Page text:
Symptoms in patients with HPS are caused by alterations in genes disrupting protein trafficking complexes in lysosome related organelles [5,6,7]. The albinism is due to dysfunctional trafficking of melanin towards melanosomes resulting in pale skin and light hair . Patients with HPS-3 have darker hair and skin pigmentation suggesting melanogenic enzymes can access melanosomes via an HPS3-independent pathway [8, 9]. Due to the dysfunctional trafficking of melanin, patients with the syndrome are at significant risk of developing skin complications from sun exposure.
A previous study on patients with HPS reported a high frequency of solar keratoses, dysplastic nevi, and basal and squamous cell carcinoma . However, no study has characterized the dermatologic findings in Puerto Rican patients with the syndrome in over 20 years . Furthermore, there are no studies available describing the prevalence of dermatologic pathologies in patients with the syndrome.
Studies on patients with various types of albinism report a lack of adherence to sun protection habits due to the uncomfortable sensation and expense involved in purchasing and using sunscreens [11,12,13]. In addition, not all patients have access to regular dermatologic care. For these reasons, we aim to describe the dermatologic manifestations and sun protection habits in patients with HPS to better understand their challenges and needs. We also attempt to identify potential risk factors for skin cancer and barriers to dermatologic care.
We conducted a cross-sectional analysis of patients with a genetic diagnosis of HPS. This was carried out through a survey done by telephone to adult patients selected from medical records of a private ophthalmology clinic in San Juan, P.R. Inclusion criteria included: a diagnosis of HPS based on genetic linkage analysis, age more than 18 years old, and a working telephone number on file. Exclusion criteria were patients unable to give informed consent and patients who did not have a genotypic diagnosis of the syndrome.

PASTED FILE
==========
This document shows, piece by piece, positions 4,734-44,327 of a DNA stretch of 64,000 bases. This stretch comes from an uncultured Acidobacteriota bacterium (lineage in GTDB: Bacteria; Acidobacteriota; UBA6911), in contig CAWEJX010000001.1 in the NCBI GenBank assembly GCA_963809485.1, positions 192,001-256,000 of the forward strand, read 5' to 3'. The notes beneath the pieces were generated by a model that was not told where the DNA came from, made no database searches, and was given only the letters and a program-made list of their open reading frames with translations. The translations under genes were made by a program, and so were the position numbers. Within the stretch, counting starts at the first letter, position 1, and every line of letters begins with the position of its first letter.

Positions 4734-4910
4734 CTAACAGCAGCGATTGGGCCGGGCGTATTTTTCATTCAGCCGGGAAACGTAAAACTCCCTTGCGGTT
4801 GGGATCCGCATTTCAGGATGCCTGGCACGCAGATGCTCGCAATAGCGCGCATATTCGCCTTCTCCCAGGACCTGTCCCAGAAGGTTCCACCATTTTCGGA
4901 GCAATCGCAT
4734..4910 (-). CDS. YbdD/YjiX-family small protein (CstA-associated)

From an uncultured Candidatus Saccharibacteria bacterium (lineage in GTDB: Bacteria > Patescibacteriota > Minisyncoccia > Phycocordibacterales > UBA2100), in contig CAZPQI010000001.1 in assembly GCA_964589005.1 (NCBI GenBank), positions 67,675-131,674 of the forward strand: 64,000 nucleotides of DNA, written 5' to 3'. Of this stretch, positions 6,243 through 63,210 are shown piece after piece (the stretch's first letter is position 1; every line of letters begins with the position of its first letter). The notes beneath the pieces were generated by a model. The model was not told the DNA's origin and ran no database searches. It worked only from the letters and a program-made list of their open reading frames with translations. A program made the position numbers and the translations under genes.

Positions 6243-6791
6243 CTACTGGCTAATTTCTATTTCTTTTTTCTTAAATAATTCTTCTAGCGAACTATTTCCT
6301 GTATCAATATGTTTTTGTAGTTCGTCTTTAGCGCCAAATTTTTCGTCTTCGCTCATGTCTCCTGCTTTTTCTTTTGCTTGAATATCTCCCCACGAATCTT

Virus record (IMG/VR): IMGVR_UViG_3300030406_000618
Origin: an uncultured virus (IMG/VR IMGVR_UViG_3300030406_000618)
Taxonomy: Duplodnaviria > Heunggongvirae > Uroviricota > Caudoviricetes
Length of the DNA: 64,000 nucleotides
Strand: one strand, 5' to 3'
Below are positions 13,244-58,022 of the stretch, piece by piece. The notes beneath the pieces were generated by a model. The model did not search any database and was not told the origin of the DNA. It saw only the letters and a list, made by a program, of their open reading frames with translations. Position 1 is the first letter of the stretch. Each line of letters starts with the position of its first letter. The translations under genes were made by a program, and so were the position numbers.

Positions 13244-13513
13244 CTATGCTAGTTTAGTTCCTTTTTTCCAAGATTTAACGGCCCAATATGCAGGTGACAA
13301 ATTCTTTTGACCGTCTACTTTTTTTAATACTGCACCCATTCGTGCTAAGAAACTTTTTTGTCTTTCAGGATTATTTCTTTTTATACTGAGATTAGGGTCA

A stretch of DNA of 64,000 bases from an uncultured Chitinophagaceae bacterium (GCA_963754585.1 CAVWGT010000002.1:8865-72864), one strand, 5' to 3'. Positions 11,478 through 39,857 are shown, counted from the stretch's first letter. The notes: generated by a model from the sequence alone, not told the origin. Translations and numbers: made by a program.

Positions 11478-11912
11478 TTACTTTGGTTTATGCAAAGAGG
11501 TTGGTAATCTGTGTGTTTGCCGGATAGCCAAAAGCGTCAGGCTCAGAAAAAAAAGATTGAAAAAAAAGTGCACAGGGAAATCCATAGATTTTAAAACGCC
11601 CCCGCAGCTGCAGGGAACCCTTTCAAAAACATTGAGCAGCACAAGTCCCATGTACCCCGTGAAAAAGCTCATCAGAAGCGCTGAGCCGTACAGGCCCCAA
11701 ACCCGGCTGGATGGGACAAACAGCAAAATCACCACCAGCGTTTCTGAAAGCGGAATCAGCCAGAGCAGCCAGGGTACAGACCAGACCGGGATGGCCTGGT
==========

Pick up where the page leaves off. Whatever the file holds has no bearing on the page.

Specific components included demographic information, dermatologic features, previous dermatologic diagnoses, skin complaints, sun protection habits, barriers to receiving dermatologic care, and skin cancer awareness. The survey was independently reviewed by two outside parties including a dermatologist and a statistician with expertise in survey development. Items were revised for clarity to ensure responder comprehension. Dermatologic terms and diagnoses were thoroughly explained to participants when collecting data on dermatologic features and history. Participants were given the opportunity to ask questions if they needed clarification on any item of the questionnaire.
Descriptive statistics were done. Bivariate analysis included chi-squared for paired categorical variables. In addition, odds ratios were derived. For continuous variables, paired t test was used. Statistical significance was defined by two-sided p-value < 0.05. Data analyses was conducted using Stata, version 17.
A total of thirty-one patients were contacted. Twenty-nine agreed to complete the survey for a response rate of 93.5%. Demographic data is displayed in Table 1. Twenty-five patients (86.2%) had a diagnosis of HPS-1 and four (13.8%) had HPS-3. The majority (69%) were female. Their mean (standard deviation) age was 37.3 ± 16.8 years. Approximately half (52%) had an annual income below $10,000 USD.
Self-reported dermatologic features of patients
Hair color of patients ranged from white to light brown with most having blonde hair (82.8%). Patients had a variety of eye colors with most (89.7%) having gray, blue, green, or hazel. Two patients with HPS-1 reported having red-colored eyes and one with HPS-3 had brown eyes.